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Gilles Deleuze's Time Machine (Post-Contemporary Interventions) Hardcover – July 10, 1997
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From the Back Cover
"Anglo-American critics have not yet begun to plumb the riches of Deleuze's investigation into cinema, and David Rodowick, well versed in philosophy and cinema studies, is the perfect person to bring these important works into focus for the American critical establishment. This book will become a standard work for anyone who wants to learn about Deleuze on cinema and about Deleuze more generally."--Dana Polan, University of Pittsburgh
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My answer to these questions is a qualified yes. As a reader unfamiliar both with Deleuze’s philosophy and with film theory, I was sometimes put off by the difficult jargon and abstract reasoning that may be more familiar to scholars well versed in both disciplines. Here I must confess that the cinema terms, such as the frame, the shot, the montage, the close-up, or the out-of-field, were no more easy to assimilate than the philosophical concepts. In our society saturated by media images and screen pictures, a basic understanding of how movies are shot and produced should be a requisite part of a general education; but film and media training often fall outside the formal curriculum of the school system. On the other hand, philosophy is part of secondary education in my native France, and I have always enjoyed playing with abstract ideas and concepts. I may therefore conform with Deleuze’s definition of a philosopher as a person dealing with concepts. Here I have to confess that most of Rodowick’s Time Machine fell way beyond my reach, and that I skipped through entire paragraphs without being able to retain a single clear idea. But I nonetheless found the book useful in providing a running commentary of Deleuze’s cinema essays, and it helped me work through these French theory texts as I read them along with this volume. I also was able to get a better understanding of film critiques that use Deleuze as a standard reference. Below are the notes that I took in the course of my reading, the points that I found most clear, and the parts that remained obscure or unaccessible. Of course, the limitations I found in Rodowick’s book may be largely my own, and other readers may get a more substantive intake of food for thought.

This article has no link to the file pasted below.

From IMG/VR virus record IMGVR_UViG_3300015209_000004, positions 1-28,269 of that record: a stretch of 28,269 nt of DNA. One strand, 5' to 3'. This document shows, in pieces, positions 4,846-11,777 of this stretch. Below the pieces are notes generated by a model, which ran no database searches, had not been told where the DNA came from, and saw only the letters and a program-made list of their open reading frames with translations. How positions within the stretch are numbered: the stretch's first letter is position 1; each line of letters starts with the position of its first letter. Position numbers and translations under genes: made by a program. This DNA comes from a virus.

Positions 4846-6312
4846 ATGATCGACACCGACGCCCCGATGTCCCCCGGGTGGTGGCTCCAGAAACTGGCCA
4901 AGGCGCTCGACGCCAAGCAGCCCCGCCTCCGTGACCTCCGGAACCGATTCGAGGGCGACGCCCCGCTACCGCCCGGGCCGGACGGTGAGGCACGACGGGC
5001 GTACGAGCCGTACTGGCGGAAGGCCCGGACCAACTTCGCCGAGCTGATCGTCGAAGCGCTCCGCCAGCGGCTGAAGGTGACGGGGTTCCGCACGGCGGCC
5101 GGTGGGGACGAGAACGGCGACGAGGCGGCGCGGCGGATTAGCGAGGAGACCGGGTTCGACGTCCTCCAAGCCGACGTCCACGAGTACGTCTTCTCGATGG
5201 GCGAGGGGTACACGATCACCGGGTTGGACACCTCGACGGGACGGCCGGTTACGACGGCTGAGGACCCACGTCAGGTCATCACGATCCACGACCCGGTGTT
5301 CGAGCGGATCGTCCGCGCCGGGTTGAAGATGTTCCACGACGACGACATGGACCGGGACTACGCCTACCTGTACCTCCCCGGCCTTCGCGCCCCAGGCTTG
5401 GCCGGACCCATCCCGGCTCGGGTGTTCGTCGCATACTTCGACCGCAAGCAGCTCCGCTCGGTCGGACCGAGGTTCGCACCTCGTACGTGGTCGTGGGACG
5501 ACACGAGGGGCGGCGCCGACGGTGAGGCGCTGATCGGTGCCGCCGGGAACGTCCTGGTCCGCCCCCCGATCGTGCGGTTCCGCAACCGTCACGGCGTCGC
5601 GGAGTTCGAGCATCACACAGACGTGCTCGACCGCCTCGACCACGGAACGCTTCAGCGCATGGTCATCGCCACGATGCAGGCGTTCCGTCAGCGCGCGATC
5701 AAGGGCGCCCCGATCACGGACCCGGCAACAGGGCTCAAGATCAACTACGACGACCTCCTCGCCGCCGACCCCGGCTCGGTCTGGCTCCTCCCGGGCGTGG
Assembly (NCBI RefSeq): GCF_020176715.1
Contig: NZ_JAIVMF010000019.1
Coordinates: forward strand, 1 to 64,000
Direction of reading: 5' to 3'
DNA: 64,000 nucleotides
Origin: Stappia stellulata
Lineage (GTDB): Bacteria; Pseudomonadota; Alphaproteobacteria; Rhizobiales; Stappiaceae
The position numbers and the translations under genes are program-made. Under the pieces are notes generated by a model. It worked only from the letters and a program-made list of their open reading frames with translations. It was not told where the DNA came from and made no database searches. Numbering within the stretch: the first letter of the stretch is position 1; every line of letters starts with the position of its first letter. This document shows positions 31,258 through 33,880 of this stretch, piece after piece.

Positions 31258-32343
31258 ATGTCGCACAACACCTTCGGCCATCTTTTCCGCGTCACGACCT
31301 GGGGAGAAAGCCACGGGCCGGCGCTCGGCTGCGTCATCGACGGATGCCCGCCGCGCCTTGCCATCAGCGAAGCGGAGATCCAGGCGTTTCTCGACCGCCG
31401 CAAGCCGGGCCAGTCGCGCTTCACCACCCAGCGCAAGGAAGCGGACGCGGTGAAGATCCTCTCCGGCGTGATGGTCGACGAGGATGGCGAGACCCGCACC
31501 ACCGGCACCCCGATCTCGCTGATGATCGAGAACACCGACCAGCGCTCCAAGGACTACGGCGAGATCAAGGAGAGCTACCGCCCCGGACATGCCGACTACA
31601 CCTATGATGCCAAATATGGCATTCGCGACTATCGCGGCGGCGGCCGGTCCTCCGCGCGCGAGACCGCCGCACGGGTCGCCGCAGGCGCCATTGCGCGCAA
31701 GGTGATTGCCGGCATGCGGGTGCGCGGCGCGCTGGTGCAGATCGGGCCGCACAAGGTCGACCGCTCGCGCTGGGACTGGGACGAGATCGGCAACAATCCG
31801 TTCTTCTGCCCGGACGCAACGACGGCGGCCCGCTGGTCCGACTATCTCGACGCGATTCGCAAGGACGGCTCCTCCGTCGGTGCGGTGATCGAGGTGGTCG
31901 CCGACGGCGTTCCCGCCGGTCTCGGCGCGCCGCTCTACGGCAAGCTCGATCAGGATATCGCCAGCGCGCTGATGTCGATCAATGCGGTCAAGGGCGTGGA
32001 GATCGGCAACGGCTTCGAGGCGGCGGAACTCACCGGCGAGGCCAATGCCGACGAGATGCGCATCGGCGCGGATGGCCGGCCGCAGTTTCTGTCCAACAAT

Deleuze’s purported goal in Cinema I and II is not to produce a history of the cinema but to isolate certain cinematographic concepts. Concepts, for Deleuze, are not ‘concepts of’, understood by reference to their external objects. They are things to think with, images and signs that can be combined in complex figures and assemblages. This is the meaning of the “time machine” evoked in Rodowick’s book title. Time as a concept is a machine, a device or apparatus that produces certain effects onto other categories of thought. For Deleuze, thought is inseparable from its object. In this sense, thinking about cinema is inseparable from making it. Filmmakers and artists can be philosophers, just as philosophers must become artists. Great directors and film-makers propose a new cutting or découpage of reality in the same way that thinkers attempt to delineate the world through new concepts and ideas. Alfred Hitchcock, Sergei Eisenstein, or Alain Resnais are philosophers in their own right. Engaging their work requires the same intellectual rigor and attention to detail that one would devote to the commentary of a great philosophy book. Conversely, philosophers who engage cinema think with notions that are the tools and trade of movie-makers. They don’t write from a position of exteriority, but inhabit the universe they are mapping. Indeed, one of the virtue of Deleuze’s books on cinema is to acknowledge philosophy’s debt to film and to film theory. Thinking with the sensory power of sound and image, Deleuze also broaches deeply philosophical themes such as time and space, movement and stillness, desire and imagination. Cinema, he confesses, helps him to think.